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Despite how well the Danny and Mindy relationship is faring, this may be shaping up to be a rough season for The Mindy Project. Even my favorite episode writers are faltering: Last week, Charlie Grandy struck out, and this week, Jeremy Bronson, the genius behind “Indian BBW,” has given us an episode with a title I don’t even understand (Update: Okay, apparently the Devil in the sportswear is Jean) and a misfire. I actually liked the B story better than the A story. The B story!

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Several reasons why the A story doesn’t hold up: We don’t need to see in the cold open how Mindy gets everything she wants in life from lying and crying. She does it practically every week, with Danny usually standing by to urge her to try to tell the truth for once in her life. Earlier this season she told Cliff that she and Danny broke up so that he would help her with her taxes, for example (at least those events get a mention this episode). Of course, one of Mindy’s deceptions goes horribly wrong, Three’s Company-style, when the married new hospital administrator (Niecy Nash) at the hospital goes Mindy-crazy (and we all know there ain’t no cure for that!), with no possible explanation as to why this person would cheat on her wife. This is such a major leap of faith we viewers have to take: That Jean would just automatically be so interested in Mindy, after a single evening out, to the detriment of her entire marriage, and I just can’t get there. Honestly, I’m sitting here wracking my own brain: “Why are you such a stickler? Why does it matter? Why can’t you just go with it?” Because it makes no sense. So why would Jean be spending every night alone at the Statue of Liberty? Or how about just tossing in a line about how they were trying an open marriage?

Unless we’re shifting The Mindy Project to Marx Brothers-level of absurdist comedy, but it has too much actual heart for that. As evidence of this heart: See how much better things fare at Peter and Jeremy’s Dartmouth beer-pong tournament. Almost everything in this story is great, from the breakroom tryouts (As a child, Jeremy had to throw ice in his father’s drinks without getting too close to him; Peter responds by calling him “Oliver”) to the slow-mo “Turn Down For What”-scored tournament finals. Shonda Rhimes needn’t quit her day job just yet, although I like that she just writes (three shows) to pay the bills and her real passion is beer pong. The story behind Peter’s nickname is poignant and Jeremy’s continued attempts to bolster Peter back up again are admirable, as is his American accent: amazing. The show benefits from playing up these secondary characters more (who knew how glad we’d be to see Ed Weeks coming more into play this season?), and shifting settings: the whole Dartmouth party was a blast, with some fun with Ms. Rhimes (“Scandal’s my jam”) and the welcome reappearance of the Sploders porn brothers, where Peter learns that Jeremy can speak frat. Sure, “Diarrhea” isn’t a great new nickname, but at least Peter has shaken off a little bit of his romantic train wreck persona.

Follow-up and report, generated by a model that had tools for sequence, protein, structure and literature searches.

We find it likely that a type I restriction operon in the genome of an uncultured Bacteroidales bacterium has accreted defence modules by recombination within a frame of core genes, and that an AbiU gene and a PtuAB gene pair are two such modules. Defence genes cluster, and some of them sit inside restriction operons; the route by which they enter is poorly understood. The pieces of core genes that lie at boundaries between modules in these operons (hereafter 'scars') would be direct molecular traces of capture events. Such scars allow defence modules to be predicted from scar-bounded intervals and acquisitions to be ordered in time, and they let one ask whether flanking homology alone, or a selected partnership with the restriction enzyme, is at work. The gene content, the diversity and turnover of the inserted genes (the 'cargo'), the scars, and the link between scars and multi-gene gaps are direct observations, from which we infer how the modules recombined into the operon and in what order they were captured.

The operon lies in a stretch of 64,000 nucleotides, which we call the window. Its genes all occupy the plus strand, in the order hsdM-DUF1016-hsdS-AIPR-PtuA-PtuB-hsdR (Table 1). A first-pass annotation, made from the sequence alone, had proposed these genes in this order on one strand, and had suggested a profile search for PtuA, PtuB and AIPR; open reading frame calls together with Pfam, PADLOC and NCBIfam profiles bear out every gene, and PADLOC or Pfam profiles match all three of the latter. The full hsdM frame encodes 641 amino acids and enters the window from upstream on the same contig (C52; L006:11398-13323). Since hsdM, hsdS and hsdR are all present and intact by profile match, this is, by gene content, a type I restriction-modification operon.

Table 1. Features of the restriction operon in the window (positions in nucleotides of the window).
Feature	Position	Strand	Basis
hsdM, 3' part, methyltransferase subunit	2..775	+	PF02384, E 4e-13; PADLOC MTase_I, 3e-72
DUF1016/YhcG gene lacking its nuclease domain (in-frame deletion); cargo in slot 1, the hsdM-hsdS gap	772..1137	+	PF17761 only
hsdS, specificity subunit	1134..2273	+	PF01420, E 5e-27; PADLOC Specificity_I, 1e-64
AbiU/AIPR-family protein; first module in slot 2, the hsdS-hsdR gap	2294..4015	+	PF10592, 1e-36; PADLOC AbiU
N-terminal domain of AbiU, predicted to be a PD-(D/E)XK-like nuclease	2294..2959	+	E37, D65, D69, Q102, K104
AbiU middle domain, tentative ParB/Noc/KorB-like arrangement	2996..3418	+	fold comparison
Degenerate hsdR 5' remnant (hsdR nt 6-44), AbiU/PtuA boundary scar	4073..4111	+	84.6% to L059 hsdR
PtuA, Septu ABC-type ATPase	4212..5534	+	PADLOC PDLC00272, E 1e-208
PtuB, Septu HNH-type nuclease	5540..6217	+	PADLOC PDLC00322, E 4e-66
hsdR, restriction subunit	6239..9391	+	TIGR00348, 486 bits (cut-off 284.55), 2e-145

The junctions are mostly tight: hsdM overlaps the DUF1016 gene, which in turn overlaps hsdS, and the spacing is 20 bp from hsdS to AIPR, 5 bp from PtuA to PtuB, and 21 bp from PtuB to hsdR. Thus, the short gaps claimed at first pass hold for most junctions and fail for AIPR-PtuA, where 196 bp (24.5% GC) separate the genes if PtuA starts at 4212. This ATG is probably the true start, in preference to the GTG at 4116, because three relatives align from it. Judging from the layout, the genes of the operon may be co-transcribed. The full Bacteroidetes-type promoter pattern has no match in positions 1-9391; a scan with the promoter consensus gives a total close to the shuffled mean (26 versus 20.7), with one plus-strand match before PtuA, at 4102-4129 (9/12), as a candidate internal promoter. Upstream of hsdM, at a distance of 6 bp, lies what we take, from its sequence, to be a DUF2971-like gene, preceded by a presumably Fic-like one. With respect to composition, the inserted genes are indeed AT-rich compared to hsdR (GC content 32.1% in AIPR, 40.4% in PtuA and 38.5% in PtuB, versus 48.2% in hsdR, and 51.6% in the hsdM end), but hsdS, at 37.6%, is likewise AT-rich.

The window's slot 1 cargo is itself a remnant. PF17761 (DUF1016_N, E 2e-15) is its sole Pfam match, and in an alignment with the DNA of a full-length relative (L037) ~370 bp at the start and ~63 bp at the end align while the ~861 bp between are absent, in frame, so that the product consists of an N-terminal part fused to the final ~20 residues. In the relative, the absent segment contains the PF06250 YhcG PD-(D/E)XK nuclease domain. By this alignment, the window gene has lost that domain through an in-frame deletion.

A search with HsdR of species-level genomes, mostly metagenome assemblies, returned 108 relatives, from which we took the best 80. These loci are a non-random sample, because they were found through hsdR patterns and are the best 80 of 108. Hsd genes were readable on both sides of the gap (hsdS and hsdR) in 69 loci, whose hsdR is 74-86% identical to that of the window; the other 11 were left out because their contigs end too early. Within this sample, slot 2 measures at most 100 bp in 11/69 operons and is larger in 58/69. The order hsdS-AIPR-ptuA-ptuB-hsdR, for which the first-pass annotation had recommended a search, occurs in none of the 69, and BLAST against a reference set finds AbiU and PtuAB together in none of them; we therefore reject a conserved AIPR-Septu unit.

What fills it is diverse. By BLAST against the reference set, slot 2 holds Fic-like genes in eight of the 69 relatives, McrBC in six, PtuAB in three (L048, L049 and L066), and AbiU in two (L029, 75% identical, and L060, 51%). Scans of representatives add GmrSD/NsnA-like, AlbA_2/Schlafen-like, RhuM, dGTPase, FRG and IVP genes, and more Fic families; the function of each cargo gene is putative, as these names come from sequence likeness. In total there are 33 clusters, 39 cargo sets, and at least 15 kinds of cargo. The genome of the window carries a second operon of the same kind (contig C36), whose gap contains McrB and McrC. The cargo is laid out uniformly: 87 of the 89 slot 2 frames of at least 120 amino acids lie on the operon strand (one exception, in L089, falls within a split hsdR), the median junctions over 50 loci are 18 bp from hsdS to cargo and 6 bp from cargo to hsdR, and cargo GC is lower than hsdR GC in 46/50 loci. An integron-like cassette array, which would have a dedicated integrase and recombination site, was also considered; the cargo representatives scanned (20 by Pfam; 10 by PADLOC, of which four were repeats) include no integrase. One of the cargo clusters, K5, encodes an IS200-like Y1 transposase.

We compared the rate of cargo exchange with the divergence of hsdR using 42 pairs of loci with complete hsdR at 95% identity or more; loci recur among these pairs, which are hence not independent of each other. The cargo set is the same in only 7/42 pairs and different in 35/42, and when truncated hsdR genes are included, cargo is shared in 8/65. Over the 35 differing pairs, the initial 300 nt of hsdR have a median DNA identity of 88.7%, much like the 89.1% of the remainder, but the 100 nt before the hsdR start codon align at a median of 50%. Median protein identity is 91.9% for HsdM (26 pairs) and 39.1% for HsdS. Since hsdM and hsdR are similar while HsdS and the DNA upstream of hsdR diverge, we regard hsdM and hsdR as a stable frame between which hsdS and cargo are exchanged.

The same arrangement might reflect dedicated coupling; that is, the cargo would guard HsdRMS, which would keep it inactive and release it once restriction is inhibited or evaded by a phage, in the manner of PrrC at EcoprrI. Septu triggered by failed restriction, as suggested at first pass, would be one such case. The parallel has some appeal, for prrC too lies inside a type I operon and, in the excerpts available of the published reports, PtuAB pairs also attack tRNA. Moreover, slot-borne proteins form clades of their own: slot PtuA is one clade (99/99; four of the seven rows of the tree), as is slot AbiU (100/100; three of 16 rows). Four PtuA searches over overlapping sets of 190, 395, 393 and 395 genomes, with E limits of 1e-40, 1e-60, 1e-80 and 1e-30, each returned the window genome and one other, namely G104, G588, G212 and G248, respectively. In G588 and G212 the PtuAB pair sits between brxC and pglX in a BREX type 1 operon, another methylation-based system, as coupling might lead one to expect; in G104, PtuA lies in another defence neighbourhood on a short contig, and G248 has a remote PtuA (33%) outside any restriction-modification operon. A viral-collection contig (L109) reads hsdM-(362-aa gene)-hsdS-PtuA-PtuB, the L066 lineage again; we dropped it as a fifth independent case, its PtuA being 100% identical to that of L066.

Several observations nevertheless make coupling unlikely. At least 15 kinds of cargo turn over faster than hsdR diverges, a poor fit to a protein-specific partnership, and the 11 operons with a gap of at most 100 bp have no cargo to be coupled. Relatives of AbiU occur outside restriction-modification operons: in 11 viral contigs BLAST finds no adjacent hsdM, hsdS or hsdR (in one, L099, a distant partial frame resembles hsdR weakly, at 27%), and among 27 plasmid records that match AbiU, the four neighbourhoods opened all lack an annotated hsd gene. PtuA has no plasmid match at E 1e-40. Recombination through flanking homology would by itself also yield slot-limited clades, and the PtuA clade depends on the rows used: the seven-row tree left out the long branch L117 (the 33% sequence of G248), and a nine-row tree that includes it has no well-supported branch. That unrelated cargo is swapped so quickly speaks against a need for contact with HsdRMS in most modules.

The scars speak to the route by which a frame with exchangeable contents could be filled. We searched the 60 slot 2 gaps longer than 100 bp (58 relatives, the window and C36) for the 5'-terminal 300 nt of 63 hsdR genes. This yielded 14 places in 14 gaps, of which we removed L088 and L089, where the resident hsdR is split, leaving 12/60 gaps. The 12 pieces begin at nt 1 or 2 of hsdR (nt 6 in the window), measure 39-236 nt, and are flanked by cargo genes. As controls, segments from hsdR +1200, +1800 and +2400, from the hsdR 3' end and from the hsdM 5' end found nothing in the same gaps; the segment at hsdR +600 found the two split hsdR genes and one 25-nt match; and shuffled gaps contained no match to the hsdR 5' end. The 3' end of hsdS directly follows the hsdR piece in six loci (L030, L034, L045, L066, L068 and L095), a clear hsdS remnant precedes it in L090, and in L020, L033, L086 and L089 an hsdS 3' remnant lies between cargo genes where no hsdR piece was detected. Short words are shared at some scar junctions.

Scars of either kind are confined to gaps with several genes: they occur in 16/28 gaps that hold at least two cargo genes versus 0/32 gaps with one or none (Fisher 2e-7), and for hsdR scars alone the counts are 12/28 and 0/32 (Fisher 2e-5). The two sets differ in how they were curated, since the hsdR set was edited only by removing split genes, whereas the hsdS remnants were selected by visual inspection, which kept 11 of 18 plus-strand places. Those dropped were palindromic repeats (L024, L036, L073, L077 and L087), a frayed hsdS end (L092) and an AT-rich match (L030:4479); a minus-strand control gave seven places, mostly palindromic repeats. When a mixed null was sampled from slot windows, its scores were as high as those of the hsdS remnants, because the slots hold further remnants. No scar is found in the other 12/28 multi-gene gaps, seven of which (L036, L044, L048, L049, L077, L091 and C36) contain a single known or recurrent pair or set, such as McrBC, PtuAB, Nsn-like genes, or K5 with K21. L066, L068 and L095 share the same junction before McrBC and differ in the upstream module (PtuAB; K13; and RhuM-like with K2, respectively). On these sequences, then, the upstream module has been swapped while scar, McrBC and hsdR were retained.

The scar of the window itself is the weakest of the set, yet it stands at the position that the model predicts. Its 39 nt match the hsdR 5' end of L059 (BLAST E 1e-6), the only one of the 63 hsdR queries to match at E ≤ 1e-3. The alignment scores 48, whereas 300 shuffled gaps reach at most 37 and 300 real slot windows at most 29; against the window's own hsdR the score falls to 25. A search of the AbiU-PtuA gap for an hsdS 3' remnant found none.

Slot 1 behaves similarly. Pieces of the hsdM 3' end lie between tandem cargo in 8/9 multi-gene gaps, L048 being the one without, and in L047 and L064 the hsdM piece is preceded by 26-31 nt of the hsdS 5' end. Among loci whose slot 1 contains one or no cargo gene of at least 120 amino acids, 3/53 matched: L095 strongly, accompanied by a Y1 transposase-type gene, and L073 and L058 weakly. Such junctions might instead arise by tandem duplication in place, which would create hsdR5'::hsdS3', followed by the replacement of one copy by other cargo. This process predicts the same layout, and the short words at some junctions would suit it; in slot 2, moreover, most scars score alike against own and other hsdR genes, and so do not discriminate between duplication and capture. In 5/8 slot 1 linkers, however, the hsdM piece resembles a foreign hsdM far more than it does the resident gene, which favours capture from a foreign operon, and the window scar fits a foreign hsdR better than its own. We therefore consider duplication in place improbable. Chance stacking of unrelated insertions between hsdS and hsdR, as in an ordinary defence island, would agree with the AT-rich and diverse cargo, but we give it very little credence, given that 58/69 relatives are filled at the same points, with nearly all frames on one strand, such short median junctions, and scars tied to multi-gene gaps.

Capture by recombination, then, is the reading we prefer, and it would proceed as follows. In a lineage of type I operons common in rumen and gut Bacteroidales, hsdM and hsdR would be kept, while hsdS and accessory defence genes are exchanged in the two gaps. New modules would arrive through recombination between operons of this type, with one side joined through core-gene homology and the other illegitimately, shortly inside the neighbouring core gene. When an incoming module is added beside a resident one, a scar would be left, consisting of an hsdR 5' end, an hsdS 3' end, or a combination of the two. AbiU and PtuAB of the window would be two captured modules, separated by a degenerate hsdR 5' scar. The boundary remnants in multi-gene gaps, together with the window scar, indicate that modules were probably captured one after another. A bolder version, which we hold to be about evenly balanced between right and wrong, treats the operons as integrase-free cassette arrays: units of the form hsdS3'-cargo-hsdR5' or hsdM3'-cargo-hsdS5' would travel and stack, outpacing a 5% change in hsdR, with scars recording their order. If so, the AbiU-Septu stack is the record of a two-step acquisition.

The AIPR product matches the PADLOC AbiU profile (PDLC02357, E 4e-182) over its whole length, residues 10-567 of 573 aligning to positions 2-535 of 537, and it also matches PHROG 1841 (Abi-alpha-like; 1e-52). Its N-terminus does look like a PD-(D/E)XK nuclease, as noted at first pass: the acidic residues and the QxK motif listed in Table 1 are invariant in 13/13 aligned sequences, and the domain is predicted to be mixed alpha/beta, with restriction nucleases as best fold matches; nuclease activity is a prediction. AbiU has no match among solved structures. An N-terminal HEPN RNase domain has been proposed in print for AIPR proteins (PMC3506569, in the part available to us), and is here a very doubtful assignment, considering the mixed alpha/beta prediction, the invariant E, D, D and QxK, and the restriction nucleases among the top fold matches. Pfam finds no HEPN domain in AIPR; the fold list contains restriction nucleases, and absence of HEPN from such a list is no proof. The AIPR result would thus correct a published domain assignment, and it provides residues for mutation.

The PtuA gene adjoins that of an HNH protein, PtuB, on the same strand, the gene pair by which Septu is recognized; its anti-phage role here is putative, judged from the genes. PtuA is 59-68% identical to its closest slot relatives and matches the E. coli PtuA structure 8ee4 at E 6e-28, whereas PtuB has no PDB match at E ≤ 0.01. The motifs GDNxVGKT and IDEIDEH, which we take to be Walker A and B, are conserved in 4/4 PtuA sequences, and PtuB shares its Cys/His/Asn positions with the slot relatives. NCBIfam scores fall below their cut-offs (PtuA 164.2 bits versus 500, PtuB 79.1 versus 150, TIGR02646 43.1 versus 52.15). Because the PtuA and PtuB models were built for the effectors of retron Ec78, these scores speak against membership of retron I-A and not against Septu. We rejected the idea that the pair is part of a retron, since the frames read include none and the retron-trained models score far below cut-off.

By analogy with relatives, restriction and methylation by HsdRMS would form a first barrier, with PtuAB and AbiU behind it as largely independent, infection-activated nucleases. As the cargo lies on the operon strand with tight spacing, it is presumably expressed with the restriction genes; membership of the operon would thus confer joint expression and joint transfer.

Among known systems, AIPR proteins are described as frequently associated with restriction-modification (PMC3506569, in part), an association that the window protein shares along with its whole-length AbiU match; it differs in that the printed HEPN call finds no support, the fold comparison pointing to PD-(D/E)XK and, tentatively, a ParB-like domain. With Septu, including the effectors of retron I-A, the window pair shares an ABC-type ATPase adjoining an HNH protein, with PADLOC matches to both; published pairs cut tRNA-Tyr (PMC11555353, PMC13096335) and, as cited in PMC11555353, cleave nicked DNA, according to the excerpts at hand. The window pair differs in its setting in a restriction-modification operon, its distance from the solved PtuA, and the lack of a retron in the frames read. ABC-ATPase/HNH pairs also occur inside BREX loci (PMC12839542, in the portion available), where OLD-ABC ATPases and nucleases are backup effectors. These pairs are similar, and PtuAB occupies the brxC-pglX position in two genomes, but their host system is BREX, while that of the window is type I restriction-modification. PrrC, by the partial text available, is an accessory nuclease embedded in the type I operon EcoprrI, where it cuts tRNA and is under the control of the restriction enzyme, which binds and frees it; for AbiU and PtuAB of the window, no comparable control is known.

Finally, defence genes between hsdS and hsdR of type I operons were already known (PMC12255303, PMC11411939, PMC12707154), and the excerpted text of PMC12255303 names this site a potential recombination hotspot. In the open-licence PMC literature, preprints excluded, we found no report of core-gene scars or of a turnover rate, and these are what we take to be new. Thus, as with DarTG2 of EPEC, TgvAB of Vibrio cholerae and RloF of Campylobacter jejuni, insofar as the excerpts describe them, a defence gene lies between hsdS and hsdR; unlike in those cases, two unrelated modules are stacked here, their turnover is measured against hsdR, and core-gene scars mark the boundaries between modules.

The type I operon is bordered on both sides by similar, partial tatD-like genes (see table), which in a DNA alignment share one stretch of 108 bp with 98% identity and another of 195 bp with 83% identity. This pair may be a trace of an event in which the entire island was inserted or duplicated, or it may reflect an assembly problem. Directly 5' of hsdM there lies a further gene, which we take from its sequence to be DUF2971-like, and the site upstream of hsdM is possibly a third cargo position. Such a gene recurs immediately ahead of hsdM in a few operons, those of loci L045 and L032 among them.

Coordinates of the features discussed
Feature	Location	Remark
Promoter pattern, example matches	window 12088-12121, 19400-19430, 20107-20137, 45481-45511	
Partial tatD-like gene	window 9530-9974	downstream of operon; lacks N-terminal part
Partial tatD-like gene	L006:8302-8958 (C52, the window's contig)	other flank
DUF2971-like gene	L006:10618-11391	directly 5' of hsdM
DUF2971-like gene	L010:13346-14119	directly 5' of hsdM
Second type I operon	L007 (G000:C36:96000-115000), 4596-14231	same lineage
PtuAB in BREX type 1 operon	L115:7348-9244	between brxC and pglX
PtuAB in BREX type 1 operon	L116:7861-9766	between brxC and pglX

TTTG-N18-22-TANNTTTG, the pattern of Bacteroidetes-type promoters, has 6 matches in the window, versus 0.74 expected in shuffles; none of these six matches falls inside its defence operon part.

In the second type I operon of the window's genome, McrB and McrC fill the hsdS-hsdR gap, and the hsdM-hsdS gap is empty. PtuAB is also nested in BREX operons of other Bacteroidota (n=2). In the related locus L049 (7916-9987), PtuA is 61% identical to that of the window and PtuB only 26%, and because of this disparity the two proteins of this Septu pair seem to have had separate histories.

The Peter story’s so good, Mindy’s plot suffers by comparison due to its inherent lack of logic. The episode still features some of those outlandish lines we love so well: Mindy was named New York It Girl according to a magazine cover she created at a carnival; everybody has shared the work toothbrush; and the reappearance of “Whoa, Nelly.” Danny and Mindy have indeed rebounded back after Danny’s Manifest Destiny creepiness last week. In fact, Chris Messina’s attempt to salvage all of Mindy’s various untruths may be the saving grace of that particular plot. He’s also off the rails, but in the best way, describing a prospective three-way in terms of a biscuit, screaming “exsqueeze me,” unexpectedly throwing wine right in Mindy’s face. Danny and Mindy still play off of each other so well: her telling him, “You’re very well taken care of,” and his inability to decipher her charade-like antics to help him craft a decent crazy cover story.

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It makes sense that Catholic Danny would have a strong moral code, and the show often plays that up as well: His belief that second marriages don’t deserve presents, that masturbation is worse than suicide according to the church. The dynamic works because he of all people would be the most horrified by Mindy’s frequent falsehoods, although he seems to be at peace with her own hole-punches on her yogurt card. Their interplay is fine; they just need an actual plot that is worthy of them, because this one was a bit stale.

I’m not asking for the stars. I just want a logical, cohesive progression from point A to point B, and I didn’t feel that this week. Not to say that The Mindy Project still doesn’t have a lot to enjoy, but I am still waiting (patiently, but waiting) for the season-three episode that’s going to hit it out of the park.

Stray observations:

  • Mindy’s best outfit: It’s a tie between the sleeveless two-piece red and blue plaid dress with the peplum and the pink and purple floral dress before her date with Jean.
  • Mindy’s worst outfit: I’ve never been a fan of the black sheep sweater.
  • Best makeover: Jeremy as an American.
  • Beverly’s also getting some well-deserved spotlight moments this season, like her reveal about the communal toothbrushes.
  • I am clutzy enough to wonder about the camera and editing tricks involved in making all those beer pong shots happen.
  • The Mindy Project and I are taking a break for a few weeks: See you back here on November 4 for “Late, Actually.”

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